By the way I realise that Britain's premier columnist, Charlie Brooker, has already written a piece on this subject today. Consider this a poor man's alternative. His piece is obviously also available for free from the Guardian website so consider this an alternative man's alternative.

There are two things that people frequently say about Andy Murray that really wind me up. One is that he is rubbish, or at least not that good, at tennis. He is. He is dead good. He is, and has been for a long time, the fourth best at tennis. I would really love to be the fourth best at anything. If I was the fourth best at blogging then you wouldn't already be thinking about giving up on this post and to my right you would be able to see more than 29 'members'. There are only three people better than Murray at tennis and they are three of the best people EVER at tennis. It's like being the fourth best in your class at writing when Shakespeare, Dickens and Orwell happen to be in your class. No shit - that actually happened to my cousin!

To be fair not as many people say he's bad at tennis anymore. The only people who do don't really watch tennis. Of course there's nothing wrong with not watching tennis (there kind of is) but it means you can't really have an opinion on who's good at it. I'm talking about the sort of folk who don't know that there are loads of tournaments other than Wimbledon (of which Murray has won 22) and that Wimbledon is just one of four Grand Slam tournaments (in which Murray has been a runner up 4 times).

I told you this would be whiney.

The thing that really gets my blood boiling (literally - massive problem) is when people moan about Andy Murray being miserable. Paradoxically these people tend to be miserable. They are the same people who complain about the Olympics. Murray, as we have established, is dead good at tennis. If you wish to be entertained by tennis then I recommend watching him. If you wish to be entertained by a smiley face coupled with shimmering wit then I recommend coming to watch me play tennis at Clissold Park some time. My serve, however, is shit.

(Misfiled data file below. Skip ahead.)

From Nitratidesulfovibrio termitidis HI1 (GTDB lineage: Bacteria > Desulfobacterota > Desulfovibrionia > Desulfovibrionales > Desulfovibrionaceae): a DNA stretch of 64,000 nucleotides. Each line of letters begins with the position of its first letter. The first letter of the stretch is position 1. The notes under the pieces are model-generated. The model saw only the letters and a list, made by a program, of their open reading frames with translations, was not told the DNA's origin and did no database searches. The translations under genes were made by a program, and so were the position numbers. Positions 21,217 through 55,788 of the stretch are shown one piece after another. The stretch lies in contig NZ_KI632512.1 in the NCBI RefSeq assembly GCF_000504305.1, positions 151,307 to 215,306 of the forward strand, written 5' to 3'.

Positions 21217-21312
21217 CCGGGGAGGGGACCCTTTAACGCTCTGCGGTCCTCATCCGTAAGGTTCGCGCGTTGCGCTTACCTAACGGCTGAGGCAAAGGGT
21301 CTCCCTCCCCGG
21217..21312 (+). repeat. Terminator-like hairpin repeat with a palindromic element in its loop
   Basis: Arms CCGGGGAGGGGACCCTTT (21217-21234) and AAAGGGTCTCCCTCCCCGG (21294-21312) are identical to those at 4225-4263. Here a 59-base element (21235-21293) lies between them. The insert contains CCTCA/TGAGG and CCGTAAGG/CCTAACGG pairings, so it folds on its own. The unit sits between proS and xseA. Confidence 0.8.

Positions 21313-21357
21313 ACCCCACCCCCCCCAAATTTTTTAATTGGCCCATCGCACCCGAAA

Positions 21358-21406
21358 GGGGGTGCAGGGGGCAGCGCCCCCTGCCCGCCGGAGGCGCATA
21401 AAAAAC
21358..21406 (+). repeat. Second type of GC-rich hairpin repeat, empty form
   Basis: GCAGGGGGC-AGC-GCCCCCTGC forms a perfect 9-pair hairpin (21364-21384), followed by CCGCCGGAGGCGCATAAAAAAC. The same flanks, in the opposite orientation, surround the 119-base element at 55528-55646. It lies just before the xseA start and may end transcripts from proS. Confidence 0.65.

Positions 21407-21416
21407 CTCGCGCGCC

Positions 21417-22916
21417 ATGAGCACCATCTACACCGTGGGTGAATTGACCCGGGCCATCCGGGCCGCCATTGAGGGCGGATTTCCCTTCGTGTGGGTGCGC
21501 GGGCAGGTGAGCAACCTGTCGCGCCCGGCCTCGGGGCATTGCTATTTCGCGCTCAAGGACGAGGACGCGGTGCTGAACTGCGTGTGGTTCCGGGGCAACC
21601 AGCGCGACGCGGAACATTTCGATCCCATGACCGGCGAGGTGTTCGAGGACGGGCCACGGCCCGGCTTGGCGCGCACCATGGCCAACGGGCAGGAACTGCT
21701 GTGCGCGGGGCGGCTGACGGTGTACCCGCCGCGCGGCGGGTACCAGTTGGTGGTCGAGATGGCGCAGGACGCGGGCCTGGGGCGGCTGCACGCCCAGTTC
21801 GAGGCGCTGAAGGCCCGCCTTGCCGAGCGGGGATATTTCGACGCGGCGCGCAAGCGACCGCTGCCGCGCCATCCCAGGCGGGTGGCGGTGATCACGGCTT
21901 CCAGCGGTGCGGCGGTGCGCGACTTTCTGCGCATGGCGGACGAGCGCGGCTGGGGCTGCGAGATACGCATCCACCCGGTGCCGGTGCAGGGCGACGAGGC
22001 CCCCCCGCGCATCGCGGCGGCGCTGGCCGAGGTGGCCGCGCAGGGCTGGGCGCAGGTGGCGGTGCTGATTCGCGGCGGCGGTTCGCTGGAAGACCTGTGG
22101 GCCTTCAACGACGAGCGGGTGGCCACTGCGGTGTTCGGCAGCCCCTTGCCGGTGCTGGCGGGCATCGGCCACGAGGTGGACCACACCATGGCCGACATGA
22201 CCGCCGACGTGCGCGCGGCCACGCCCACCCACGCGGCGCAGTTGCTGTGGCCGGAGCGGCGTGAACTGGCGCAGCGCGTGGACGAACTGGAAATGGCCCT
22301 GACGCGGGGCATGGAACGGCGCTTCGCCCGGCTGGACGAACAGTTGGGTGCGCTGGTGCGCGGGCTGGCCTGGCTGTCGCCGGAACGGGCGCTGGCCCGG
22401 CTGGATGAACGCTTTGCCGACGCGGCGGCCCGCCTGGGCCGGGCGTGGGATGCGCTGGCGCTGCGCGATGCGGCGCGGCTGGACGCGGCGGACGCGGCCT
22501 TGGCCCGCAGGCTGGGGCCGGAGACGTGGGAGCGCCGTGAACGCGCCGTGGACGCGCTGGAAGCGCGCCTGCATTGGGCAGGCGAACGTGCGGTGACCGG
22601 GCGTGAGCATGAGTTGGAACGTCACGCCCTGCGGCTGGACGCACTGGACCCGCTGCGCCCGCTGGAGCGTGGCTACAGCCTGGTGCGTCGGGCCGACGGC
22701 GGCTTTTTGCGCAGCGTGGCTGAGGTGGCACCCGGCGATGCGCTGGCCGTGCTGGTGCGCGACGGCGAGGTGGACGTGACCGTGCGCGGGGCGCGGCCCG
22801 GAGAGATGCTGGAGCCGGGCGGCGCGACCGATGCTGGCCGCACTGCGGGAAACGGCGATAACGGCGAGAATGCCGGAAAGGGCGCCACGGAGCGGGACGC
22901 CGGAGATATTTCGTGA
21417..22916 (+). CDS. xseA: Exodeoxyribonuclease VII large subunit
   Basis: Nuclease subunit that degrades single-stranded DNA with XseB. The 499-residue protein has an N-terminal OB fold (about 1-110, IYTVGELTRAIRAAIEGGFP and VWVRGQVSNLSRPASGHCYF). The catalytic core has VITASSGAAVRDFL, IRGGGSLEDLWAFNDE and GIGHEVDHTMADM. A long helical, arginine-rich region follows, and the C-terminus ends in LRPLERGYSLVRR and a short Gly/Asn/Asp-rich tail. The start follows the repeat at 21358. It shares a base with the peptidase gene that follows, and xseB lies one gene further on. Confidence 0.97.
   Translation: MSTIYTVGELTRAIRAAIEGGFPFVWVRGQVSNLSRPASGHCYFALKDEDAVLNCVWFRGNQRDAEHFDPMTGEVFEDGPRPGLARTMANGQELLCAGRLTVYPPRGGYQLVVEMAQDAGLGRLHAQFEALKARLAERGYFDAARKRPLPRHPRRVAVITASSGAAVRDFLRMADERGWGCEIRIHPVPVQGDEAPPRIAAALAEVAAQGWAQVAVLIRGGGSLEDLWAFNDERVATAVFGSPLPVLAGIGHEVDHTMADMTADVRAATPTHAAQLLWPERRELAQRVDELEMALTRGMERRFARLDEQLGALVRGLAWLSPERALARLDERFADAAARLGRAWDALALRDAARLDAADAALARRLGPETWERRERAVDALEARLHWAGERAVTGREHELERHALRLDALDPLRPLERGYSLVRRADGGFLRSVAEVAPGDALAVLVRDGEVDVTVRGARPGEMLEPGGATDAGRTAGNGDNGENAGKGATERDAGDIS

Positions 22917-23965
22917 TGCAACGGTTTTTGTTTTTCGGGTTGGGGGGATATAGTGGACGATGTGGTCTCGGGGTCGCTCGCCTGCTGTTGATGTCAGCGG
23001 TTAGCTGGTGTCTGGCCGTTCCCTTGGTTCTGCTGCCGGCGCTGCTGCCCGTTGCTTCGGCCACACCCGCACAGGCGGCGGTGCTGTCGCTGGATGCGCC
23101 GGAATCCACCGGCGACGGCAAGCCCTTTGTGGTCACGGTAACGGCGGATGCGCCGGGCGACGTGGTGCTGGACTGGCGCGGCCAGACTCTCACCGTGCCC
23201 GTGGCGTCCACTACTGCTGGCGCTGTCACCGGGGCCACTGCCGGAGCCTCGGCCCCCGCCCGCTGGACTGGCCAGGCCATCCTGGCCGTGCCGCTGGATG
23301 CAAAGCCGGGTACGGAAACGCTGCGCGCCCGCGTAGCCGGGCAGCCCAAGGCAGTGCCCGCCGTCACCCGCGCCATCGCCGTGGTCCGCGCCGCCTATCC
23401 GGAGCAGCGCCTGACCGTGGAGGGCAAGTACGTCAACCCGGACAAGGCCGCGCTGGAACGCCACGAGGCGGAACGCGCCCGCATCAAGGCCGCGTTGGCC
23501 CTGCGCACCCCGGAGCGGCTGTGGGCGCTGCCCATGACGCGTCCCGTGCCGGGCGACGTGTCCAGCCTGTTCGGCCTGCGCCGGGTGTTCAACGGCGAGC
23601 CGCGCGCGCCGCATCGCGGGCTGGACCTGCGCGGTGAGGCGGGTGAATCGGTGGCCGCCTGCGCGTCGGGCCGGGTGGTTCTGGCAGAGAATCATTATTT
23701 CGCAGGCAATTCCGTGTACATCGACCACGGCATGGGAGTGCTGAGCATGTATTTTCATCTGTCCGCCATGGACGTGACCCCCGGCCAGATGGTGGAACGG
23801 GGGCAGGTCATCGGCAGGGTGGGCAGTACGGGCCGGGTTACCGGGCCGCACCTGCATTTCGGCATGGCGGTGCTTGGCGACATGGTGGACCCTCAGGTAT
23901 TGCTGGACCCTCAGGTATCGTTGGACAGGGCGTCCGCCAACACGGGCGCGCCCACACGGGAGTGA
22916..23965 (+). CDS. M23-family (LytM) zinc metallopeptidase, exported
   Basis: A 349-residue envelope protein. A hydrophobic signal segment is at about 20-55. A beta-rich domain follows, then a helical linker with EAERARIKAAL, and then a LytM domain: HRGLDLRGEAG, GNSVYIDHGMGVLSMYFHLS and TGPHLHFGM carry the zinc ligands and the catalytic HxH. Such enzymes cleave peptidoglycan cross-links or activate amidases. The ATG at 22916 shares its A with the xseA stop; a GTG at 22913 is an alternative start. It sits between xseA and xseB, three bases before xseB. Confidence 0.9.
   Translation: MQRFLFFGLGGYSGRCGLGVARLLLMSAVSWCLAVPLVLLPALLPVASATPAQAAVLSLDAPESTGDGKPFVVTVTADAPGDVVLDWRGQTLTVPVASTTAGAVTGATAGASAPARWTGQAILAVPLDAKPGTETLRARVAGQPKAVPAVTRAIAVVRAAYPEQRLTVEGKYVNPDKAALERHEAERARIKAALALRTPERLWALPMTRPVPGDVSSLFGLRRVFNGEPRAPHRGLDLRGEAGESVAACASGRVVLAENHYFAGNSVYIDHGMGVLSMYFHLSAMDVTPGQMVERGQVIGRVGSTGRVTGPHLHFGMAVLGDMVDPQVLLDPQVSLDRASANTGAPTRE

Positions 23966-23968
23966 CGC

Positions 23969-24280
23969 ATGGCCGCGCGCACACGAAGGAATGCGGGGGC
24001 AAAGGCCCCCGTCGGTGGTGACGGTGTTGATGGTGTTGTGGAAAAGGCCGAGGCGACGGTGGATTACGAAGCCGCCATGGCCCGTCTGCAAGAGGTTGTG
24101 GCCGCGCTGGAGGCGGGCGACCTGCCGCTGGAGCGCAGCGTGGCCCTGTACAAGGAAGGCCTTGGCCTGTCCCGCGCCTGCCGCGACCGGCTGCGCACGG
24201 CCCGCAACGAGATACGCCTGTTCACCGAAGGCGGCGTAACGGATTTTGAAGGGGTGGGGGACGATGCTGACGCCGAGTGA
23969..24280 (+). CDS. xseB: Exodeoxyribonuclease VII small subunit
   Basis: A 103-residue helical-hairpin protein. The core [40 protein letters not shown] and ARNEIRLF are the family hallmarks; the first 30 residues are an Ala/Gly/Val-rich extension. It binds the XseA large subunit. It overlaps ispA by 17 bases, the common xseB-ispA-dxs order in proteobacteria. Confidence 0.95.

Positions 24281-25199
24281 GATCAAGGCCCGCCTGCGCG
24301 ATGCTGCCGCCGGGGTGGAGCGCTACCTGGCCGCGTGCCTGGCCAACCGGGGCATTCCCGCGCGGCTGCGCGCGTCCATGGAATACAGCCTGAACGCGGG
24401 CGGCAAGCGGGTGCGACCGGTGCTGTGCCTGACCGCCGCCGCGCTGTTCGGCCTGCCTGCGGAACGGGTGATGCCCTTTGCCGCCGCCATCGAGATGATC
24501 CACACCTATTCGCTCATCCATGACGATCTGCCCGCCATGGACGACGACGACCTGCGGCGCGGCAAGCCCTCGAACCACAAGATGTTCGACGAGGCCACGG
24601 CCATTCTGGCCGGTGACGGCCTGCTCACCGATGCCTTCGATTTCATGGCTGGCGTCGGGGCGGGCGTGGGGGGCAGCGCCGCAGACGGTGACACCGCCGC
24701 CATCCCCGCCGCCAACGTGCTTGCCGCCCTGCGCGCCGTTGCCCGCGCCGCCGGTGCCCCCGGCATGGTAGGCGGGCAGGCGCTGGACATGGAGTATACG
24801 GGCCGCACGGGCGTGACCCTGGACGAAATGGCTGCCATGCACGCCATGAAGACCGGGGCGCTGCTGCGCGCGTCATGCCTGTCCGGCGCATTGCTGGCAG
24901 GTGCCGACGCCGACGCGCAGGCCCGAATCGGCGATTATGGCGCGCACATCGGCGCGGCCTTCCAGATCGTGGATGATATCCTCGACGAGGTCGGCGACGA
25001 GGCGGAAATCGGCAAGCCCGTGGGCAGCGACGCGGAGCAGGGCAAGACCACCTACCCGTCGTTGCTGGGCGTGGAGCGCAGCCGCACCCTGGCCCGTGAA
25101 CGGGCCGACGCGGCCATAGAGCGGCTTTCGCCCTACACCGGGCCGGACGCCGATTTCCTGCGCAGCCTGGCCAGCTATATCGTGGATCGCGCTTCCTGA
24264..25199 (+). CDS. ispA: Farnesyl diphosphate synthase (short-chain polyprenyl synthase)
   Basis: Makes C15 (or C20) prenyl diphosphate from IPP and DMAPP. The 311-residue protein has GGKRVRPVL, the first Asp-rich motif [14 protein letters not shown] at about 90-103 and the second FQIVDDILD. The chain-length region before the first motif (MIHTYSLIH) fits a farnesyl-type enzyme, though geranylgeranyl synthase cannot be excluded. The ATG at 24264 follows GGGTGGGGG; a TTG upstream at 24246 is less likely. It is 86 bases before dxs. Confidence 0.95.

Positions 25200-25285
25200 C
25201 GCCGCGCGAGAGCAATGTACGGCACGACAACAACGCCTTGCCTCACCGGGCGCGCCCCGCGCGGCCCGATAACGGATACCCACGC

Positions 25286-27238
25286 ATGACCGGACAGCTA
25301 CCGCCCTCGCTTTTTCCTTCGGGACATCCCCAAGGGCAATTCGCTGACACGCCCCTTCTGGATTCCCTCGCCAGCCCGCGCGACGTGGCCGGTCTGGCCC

Here's the thing. I don't even think Andy Murray is miserable or boring. I think he's got a dry sense of humour and when he's AT WORK he's kind of just THINKING ABOUT TENNIS. I know he has a monotone voice and clearly can't be bothered with the interviews but that's fine by me. Do you remember H from Steps? He was enthusiastic in interviews. IS THAT WHAT YOU WANT?

Because, for a few years now, I have found myself defending Andy Murray I have grown to love the man. I really bloody love him. Creepyly so, you could say. I always well up at the end of Wimbledon finals but I think if I hadn't been in company yesterday I probably would have done a serious blubber cry. Look, can we all just raise a glass to Andy Murray? To Andy Murray! Thank you!

Couple of quick additional things. On Saturday Serena Williams (whom I also love and would consider it a challenge and an honour to attempt to, with her consent, penetrate) gave an interview about the illness and depression problems she has had. She was asked about her lowest point. She said, with great emphasis, that she could remember 'When things were really bad once spending A WHOLE DAY on the couch'. Serena, I have spent an entire decade on the couch. Beat that.

Finally, moving away from tennis and into the dark world of narcotics - my urban, street wise upbringing taught me that weed (cannabis, hashish) was always sold in imperial measurements - 'eighths' and the like. Thanks to my connections on the street it has now come to my attention that weed (marijuana, green stuff) is now sold in grams. They've gone metric! I like the idea that drug dealers are explaining to their clients that there's nothing they can do and 'it's all down to the bloody E.U bureaucrats in Brussels!'.

Thanks for getting through the bit where I was humourlessly going through Andy Murray's career stats.